First, let us have a look at the various programming languages and their developers and then proceed to the history of programming languages and discuss the types of programming languages.
|1.||Fortran||John Backus, IBM (1957)|
|2.||Pascal||Niklaus Wirth (1970)|
|3.||SQL||Donald D. Chamberlin, Raymond F. Boyce (1970)|
|4.||C||Dennis M. Ritchie (1972)|
|5.||Objective-C||Brad Cox, Tom Love (1980s)|
|7.||C++||Bjarne Stroustrup (1985)|
|8.||Perl||Larry Wall (1987)|
|9.||Python||Guido van Rossum (1991)|
|10.||R||Ross Ihaka and Robert Gentleman (1993)|
|11.||PHP||Rasmus Lerdorf (1993)|
|13.||Ruby||Yukihiro Matsumoto (1993)|
|14.||Java||James Gosling, Sun Microsystems (1995)|
|15.||C Sharp||Anders Hejlsberg, Microsoft (2000)|
|16.||Scala||Martin Odersky (2003)|
|17.||Go (Golang)||Google (Robert Griesemer, Rob Pike, and Ken Thompson) (2007)|
|18.||Rust||Mozilla (Graydon Hoare, 2011)|
The history of programming languages is a fascinating journey that spans several decades and reflects the evolution of computing technology and human creativity. From the early days of machine language to the sophisticated high-level languages we have today, each step in the development of programming languages has played a crucial role in shaping the digital world we live in.
The story begins in the 1940s, when the first computers programmed using machine language, consisting of binary instructions directly understood by the hardware. However, programming in machine language was tedious, error-prone, and impractical for complex tasks.
Later, in the 1950s, assembly languages were introduced to make programming somewhat more manageable. Assembly languages use mnemonic codes to represent machine instructions, making them more human-readable and easier to write than machine language. Nevertheless, programming in assembly remained challenging, especially for large-scale projects.
The breakthrough came in the late 1950s with the development of the first high-level programming language, Fortran (Formula Translation). Fortran, created by IBM, allowed programmers to write mathematical and scientific calculations using more English-like statements.
In the successive decades, more high-level languages emerged, including COBOL (Common Business-Oriented Language) and Lisp (List Processing).
Structured programming languages like Pascal and C followed soon after. Structured programming focused on breaking down complex programs into smaller, manageable parts through the use of control structures such as loops and conditionals.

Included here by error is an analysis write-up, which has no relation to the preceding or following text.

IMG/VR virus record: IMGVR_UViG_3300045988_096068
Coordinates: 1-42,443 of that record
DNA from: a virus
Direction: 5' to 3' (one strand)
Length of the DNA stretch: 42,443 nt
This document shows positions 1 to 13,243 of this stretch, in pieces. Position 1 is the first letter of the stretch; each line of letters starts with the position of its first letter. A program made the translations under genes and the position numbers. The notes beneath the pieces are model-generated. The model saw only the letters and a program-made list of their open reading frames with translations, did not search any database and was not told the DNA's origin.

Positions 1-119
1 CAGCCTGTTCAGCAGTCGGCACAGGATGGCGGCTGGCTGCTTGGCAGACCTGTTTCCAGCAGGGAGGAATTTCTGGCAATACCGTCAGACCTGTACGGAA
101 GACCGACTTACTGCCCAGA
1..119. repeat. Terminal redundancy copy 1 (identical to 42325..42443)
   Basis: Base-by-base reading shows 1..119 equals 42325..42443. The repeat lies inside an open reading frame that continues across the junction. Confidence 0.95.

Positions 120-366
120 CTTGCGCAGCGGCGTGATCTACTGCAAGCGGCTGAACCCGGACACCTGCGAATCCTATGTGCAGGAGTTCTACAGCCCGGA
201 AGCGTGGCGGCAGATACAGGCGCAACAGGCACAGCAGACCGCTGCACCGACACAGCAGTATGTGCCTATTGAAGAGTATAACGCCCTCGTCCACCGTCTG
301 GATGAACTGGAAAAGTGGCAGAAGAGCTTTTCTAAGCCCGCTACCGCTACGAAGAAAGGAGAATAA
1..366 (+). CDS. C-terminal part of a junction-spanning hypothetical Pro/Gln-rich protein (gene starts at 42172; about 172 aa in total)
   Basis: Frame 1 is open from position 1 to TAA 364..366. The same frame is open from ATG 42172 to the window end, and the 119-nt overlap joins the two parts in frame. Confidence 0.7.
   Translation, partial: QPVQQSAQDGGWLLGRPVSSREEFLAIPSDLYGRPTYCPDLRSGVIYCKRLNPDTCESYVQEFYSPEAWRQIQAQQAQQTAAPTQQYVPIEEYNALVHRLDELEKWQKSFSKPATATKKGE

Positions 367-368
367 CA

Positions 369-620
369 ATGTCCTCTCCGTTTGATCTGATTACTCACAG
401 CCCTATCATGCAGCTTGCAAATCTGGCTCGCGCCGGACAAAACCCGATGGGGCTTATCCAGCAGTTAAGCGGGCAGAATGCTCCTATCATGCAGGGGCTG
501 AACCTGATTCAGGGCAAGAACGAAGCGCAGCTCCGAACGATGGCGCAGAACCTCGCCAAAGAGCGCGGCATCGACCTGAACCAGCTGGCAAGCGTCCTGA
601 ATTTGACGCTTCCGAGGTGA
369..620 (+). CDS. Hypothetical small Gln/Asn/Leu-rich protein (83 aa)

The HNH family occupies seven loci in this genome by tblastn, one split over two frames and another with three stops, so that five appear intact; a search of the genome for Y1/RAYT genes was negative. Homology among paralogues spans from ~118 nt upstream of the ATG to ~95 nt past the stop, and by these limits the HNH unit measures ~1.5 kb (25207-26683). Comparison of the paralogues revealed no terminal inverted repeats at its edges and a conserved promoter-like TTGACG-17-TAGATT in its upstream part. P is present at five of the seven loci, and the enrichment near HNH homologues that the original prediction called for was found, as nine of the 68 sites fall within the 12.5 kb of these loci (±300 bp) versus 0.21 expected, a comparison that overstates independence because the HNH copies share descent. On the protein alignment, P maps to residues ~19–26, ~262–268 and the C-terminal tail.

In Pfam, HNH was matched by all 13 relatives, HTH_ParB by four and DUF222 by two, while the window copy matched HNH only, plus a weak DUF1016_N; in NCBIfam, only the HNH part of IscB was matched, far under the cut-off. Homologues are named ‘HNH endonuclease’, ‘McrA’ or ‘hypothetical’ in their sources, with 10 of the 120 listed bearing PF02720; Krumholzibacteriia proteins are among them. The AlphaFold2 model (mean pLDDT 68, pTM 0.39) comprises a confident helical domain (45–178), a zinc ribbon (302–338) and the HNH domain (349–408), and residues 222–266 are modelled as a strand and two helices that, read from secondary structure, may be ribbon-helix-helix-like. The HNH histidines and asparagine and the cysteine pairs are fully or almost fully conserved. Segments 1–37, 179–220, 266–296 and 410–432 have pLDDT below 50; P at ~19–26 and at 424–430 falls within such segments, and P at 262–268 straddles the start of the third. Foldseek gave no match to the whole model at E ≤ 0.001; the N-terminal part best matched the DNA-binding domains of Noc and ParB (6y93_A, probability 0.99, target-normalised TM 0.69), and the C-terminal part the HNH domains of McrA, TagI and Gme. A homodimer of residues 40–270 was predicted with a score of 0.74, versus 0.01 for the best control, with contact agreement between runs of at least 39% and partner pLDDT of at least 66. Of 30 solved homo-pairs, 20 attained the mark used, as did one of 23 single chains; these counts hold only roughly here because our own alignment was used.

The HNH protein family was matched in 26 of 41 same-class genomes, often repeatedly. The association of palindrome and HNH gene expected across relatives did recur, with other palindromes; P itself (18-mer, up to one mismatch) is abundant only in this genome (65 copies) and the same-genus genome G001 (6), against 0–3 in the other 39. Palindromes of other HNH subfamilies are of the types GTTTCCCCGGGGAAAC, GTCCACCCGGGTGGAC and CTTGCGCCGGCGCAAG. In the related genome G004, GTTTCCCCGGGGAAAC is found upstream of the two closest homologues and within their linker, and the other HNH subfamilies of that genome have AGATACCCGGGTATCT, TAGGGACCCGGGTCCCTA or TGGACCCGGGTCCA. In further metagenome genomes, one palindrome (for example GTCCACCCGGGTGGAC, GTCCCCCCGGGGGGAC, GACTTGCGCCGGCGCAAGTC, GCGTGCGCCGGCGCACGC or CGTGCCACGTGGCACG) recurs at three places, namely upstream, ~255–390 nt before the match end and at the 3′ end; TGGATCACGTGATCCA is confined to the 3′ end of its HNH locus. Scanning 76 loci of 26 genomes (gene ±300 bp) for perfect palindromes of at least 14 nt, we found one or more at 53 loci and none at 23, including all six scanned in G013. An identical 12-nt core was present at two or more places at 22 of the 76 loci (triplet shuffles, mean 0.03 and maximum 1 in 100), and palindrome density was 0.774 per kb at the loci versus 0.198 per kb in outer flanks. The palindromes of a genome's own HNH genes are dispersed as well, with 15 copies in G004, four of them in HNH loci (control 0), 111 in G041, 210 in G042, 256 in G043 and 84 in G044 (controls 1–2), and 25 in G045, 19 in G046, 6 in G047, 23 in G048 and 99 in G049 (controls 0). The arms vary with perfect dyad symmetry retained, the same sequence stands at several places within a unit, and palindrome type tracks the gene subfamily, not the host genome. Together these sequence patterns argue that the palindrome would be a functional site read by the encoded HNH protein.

The 1980s marked the era of object-oriented programming (OOP) languages. Smalltalk, created at Xerox PARC, is considered the first pure object-oriented language, while C++ expanded on C's features, introducing classes and objects. In the 1990s, Java emerged as a versatile, platform-independent language, making it widely used for web development and enterprise applications.
Today, we have a vast array of programming languages, each optimized for specific tasks and domains. Ruby, Swift, Go, and Rust are among the modern languages that have gained significant attention and usage. Additionally, domain-specific languages (DSLs) and domain-specific libraries have emerged to address specific needs in specialized fields.
Machine language is the lowest level of computer language and consists of binary code that directly corresponds to the instructions executed by a computer's central processing unit (CPU). It is hardware-specific and very difficult for humans to read and write directly. Machine language is essentially the language of the computer and humans communicate with it in its own language.
Assembly language is the next higher level of a computer language. It uses mnemonics, a term, symbol etc., to represent instructions to machine. It provides a more human-readable format than machine language, as each mnemonic corresponds to a specific machine language instruction. Assembly language programs must be translated into machine code through an assembler.
High-level languages are more abstract and easier for humans to read and write than assembly or machine language. They use statements which are grammatically better than low-level languages to create programs. High-level languages are designed to be portable, meaning they can run on different hardware platforms without modification. To execute, high-level language programs need to be translated into machine code by a compiler or an interpreter.